MacRumors News

  • New Rumor Suggests Apple Pay Will Launch in Sweden Next Week [Updated]
    par Mitchel Broussard le 17 octobre 2017 à 15 h 29 min

    Apple is gearing up to launch Apple Pay in Sweden next week, according to a report by Swedish site MacPro [Google Translate]. The site stated that the first financial partner with Apple Pay in Sweden will be the bank Nordea, and that the two companies will jointly announce the mobile wallet collaboration one week from today, on October 24. During its third quarter earnings call in August, Apple confirmed that Apple Pay would be expanding to Finland, Denmark, Sweden, and United Arab Emirates before the end of 2017. So far, the mobile payments service hasn't yet appeared in any of these areas, and a rumor about Germany gaining Apple Pay functionality by September has also failed to materialize. Currently, Apple Pay is available in the United States, United Kingdom, China, Australia, Canada, Switzerland, France, Hong Kong, Russia, Singapore, Japan, New Zealand, Spain, Italy, Taiwan, and Ireland. In a future update to iOS 11, Apple Pay will also gain a new person-to-person payments feature -- Apple Pay Cash -- so that users can transfer money to one another within Messages. This feature will only be available in the U.S. at launch. Update: MacPro has reported that Finland and Denmark could see the debut of Apple Pay next week as well.Tags: Apple Pay, SwedenDiscuss this article in our forums […]

  • Microsoft Says Its New Surface Book 2 is Twice as Powerful as Latest MacBook Pro
    par Joe Rossignol le 17 octobre 2017 à 15 h 13 min

    Microsoft today introduced the Surface Book 2, the second generation of its high-end notebook and tablet hybrid. The new Surface Book 2 is equipped with Intel's latest eighth-generation Core processors, up to NVIDIA GeForce GTX 1060 graphics, up to 16GB of RAM, and up to 17 hours of battery life based on video playback. Microsoft says those tech specs make the Surface Book 2 up to five times more powerful than the original Surface Book, and twice as powerful as the latest MacBook Pro, but it didn't specify which configurations. Microsoft's comparisons to its primary competitor didn't end there. On its website, it said the Surface Book 2 has 70 percent more battery life than the latest MacBook Pro, which lasts up to 10 hours on a single charge. The new Surface Book 2 is available with a 13.5-inch or 15-inch display that can be detached from the keyboard and used as a tablet. The display can also be folded or reattached in Studio Mode or View Mode. Microsoft added that the Surface Book 2 has 45 percent more pixels than the latest MacBook Pro. The 15-inch model has a resolution of 3240x2160 pixels, good for 267 PPI, while the 15-inch MacBook Pro is 2880x1800 and 220 PPI. The notebook is equipped with two USB 3.1 ports, one USB-C port, a full-size SD card slot, and a 3.5mm headphone jack. It also has a proprietary SurfaceConnect port that allows a Surface Dock to be connected. Surface Dock, available separately for $199, has two Mini DisplayPorts, one Gigabit Ethernet port, four USB 3.0 ports, and one audio out port. As a Windows PC, the Surface Book 2 will be compatible with the Windows 10 Fall Creators Update released today. Surface Book 2 starts at $1,499 for the 13.5-inch model with a Core i5 processor, Intel HD Graphics 620, 8GB of RAM, and 256GB of SSD storage. More powerful 13.5-inch configurations are available for up to $2,999. The 15-inch model starts at $2,499 with a Core i7 processor, NVIDIA GeForce GTX 1060 graphics, 8GB of RAM, and 256GB of SSD storage. More powerful 15-inch configurations are available for up to $3,299. Surface Book 2 pre-orders begin November 9 on Microsoft's website and at its retail stores in the United States and select other countries. Deliveries will begin when the device launches November 16.Related Roundup: MacBook ProTags: Microsoft, Surface BookBuyer's Guide: MacBook Pro (Neutral)Discuss this article in our forums […]

  • Pixel 2 Reviews: Iterative Update Lacks 'Wow Factor' But Still 'Best Android Phone You Can Buy'
    par Mitchel Broussard le 17 octobre 2017 à 14 h 47 min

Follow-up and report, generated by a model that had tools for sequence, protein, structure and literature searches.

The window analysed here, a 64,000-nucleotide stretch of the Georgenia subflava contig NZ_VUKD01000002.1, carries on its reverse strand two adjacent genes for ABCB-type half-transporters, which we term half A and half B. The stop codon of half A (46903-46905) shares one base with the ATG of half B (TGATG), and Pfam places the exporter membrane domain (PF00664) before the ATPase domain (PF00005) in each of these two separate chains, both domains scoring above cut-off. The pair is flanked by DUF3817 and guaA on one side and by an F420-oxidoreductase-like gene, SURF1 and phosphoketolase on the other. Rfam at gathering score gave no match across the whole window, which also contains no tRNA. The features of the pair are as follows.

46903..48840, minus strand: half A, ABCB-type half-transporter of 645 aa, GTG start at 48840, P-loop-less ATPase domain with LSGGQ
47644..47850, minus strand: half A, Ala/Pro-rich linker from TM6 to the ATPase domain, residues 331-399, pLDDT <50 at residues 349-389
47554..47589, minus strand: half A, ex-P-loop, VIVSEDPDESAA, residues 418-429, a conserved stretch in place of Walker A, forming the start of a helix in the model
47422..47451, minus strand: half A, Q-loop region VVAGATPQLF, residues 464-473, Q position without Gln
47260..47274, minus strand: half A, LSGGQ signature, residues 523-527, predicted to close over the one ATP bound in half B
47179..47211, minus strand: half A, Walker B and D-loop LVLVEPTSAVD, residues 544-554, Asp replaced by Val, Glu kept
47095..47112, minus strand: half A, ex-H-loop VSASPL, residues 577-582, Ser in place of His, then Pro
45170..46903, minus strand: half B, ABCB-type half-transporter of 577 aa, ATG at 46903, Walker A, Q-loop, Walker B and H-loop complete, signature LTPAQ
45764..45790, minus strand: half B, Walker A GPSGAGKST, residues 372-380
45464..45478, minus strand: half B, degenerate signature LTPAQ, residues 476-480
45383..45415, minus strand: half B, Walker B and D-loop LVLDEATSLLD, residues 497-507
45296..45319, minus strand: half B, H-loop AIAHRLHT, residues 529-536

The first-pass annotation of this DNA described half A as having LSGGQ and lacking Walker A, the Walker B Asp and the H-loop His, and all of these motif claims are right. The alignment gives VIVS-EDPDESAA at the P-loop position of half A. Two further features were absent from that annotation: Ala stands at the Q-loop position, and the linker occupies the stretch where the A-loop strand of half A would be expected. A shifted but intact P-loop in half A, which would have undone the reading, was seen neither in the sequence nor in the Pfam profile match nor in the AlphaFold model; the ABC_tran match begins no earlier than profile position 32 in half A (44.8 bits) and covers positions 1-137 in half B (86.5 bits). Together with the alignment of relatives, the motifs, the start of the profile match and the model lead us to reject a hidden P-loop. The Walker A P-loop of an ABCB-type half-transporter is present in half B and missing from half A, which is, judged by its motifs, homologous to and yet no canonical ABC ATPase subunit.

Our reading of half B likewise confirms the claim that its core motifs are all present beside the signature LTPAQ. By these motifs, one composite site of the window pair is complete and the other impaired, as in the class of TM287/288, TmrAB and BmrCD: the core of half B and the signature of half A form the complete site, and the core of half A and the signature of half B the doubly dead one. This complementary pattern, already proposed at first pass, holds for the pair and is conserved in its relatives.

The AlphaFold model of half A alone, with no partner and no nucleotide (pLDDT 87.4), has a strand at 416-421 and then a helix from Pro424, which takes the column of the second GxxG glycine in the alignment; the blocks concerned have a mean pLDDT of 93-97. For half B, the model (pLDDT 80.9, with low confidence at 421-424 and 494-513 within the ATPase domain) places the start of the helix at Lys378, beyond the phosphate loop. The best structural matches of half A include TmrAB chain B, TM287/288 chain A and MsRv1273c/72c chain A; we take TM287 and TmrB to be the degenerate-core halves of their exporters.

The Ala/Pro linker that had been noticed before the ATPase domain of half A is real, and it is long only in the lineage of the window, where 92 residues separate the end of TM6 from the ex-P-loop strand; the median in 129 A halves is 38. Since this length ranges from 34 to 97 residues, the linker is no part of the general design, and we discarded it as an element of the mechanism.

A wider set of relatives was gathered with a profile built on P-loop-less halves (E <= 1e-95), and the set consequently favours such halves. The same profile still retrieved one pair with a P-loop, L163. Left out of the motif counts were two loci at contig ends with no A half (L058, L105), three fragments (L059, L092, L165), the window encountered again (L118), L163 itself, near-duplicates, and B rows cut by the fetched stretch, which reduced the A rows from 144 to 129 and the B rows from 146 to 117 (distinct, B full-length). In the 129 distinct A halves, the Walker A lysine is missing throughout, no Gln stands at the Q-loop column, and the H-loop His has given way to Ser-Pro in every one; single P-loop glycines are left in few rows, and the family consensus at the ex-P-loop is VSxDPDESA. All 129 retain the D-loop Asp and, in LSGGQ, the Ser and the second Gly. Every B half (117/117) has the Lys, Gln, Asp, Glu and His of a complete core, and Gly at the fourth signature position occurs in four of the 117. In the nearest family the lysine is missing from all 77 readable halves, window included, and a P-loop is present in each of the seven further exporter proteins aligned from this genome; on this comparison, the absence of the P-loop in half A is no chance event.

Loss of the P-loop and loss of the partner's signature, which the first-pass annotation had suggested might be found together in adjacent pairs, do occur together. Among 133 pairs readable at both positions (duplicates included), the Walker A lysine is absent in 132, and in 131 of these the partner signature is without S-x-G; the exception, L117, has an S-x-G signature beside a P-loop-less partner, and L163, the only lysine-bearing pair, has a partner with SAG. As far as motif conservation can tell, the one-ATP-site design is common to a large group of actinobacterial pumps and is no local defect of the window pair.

Two weeks after first unveiling the Pixel 2 at an event in San Francisco, reviews of Google's latest smartphone have now been published online. Many of the reviews written on the Pixel 2 and the Pixel 2 XL are positive, with multiple articles referring to the smartphones as the best Android devices on the market, as well as legitimate competitors to Apple's iPhone series. The only slight negatives appear to surround Google's decision to aim for functional, more iterative updates over flashier feature additions. Like most reviews posted today, The Verge was more impressed by the design and look of the Pixel 2 XL than the smaller Pixel 2, calling the latter phone "humdrum" with "big, chunky bezels" that don't compare favorably to the XL's smaller bezels and larger 6-inch screen. The site noted that each device's Qualcomm Snapdragon 835 processor and 4GB of RAM resulted in a snappy UI, running "better overall than Samsung's or LG's" version of Android. Image via The Verge The Verge described an all-day battery life that "lasts until bedtime just fine," and said that the Pixel 2 is "easily a contender for best smartphone camera" with photos that are "way sharper than the iPhone 8 and the Note 8." Although the site had qualms with the 2 XL's display quality -- calling colors "muted" -- the overall takeaway came down to being impressed by the smartphone's snappy functionality, despite a lack of "razzle dazzle." The Pixel 2 and Pixel 2 XL do not razzle dazzle. It's not just the somewhat disappointing screen on the Pixel 2 XL, it's that Google has gone out of its way to do things that are functional instead of flashy. Instead of going bezel-less, it added front-facing speakers. Instead of a million camera effects, it focused on one or two, while making the core camera experience much better with machine learning. The list goes on. The Pixel 2 has many, many things going for it. Were it not for a few problems — the screen, the slightly inelegant design, and (yes) the lack of a headphone jack — it might have received the highest score we've ever given a phone. As it is, it's a great phone, but not quite a home run. TechCrunch compared the second iteration of the Pixel line -- focusing its review on the Pixel 2 XL -- to an "S" generation of the iPhone, meaning that the Pixel 2 is an "evolution" of a smartphone that was already solid, but lacks a central "wow factor." Still, the site was impressed by what Google accomplished with a single-lens camera system, describing "admirable" performance in low- and mixed-light settings, and mostly positive early impressions from Google's AI-powered "Lens" feature, which automatically tags objects in pictures. Image via TechCrunch Even though the Pixel 2 XL runs for upwards of $800, TechCrunch ultimately stated that Google's smartphone shows "what can be done without having to charge users $1,000 for a device." The Pixel 2 doesn’t make a particularly compelling upgrade case for users of last year’s model. The hardware isn’t a radical departure, and many of the new software features will be coming to the first-generation model — after all, Android support for older devices is one of the key tenants of Google’s first-party software approach. The device also doesn’t push the boundaries of what a mobile device is as much as other recent flagships. The new phones offer a glimpse at that future and, in the case of the device’s camera, show what can be done without having to charge users $1,000 for a device. Ars Technica looked at the performance of the Pixel 2, calling Google's build of Android for the new smartphones "the most highly optimized, smoothest, and fastest build of Android I have ever seen." Although the site had similar problems with the OLED display as The Verge -- Ars called it "an ugly graniness" most detectable in dark environments -- and the "dated aesthetic" of the 5-inch Pixel 2, its final impression was that Google's new smartphone is "the best Android phone out there." The Pixel XL, Pixel 2 XL, and iPhone 8 Plus via Ars Technica Every single animation goes off without a hitch. Scrolling is flawless. There are additional, exclusive animations on the home screen like bounce scrolling and folder opening that add to the buttery smooth feel. It's amazing—head and shoulders above every other Android phone out there. With the Pixel, you get an iPhone-like update experience, a cohesive software package, and super fast UI performance. It offers a harmonious device with a single, cohesive design language and none of the junk that slows your phone down. In 2017, that's enough to merit the title of "Best Android phone." Interestingly, Ars Technica also pointed out that the Pixel 2 marks Google's first foray into its own custom designed system on a chip (SoC), packed into the smartphone in addition to the Qualcomm Snapdragon 835 SoC. Although not active yet, the chip is said to be "dedicated exclusively to camera image processing" on the Pixel 2, and will eventually make processing photos "faster and more efficient than ever." Google calls the SoC the "Pixel Visual Core," and it includes an eight-core Image Processing Unit capable of more than three trillion operations per second. For more Pixel 2 reviews, check out the following sites: CNET, Business Insider, Engadget, TIME, Wired, ZDNet, CNN Tech, and Venture Beat.Tag: Google PixelDiscuss this article in our forums […]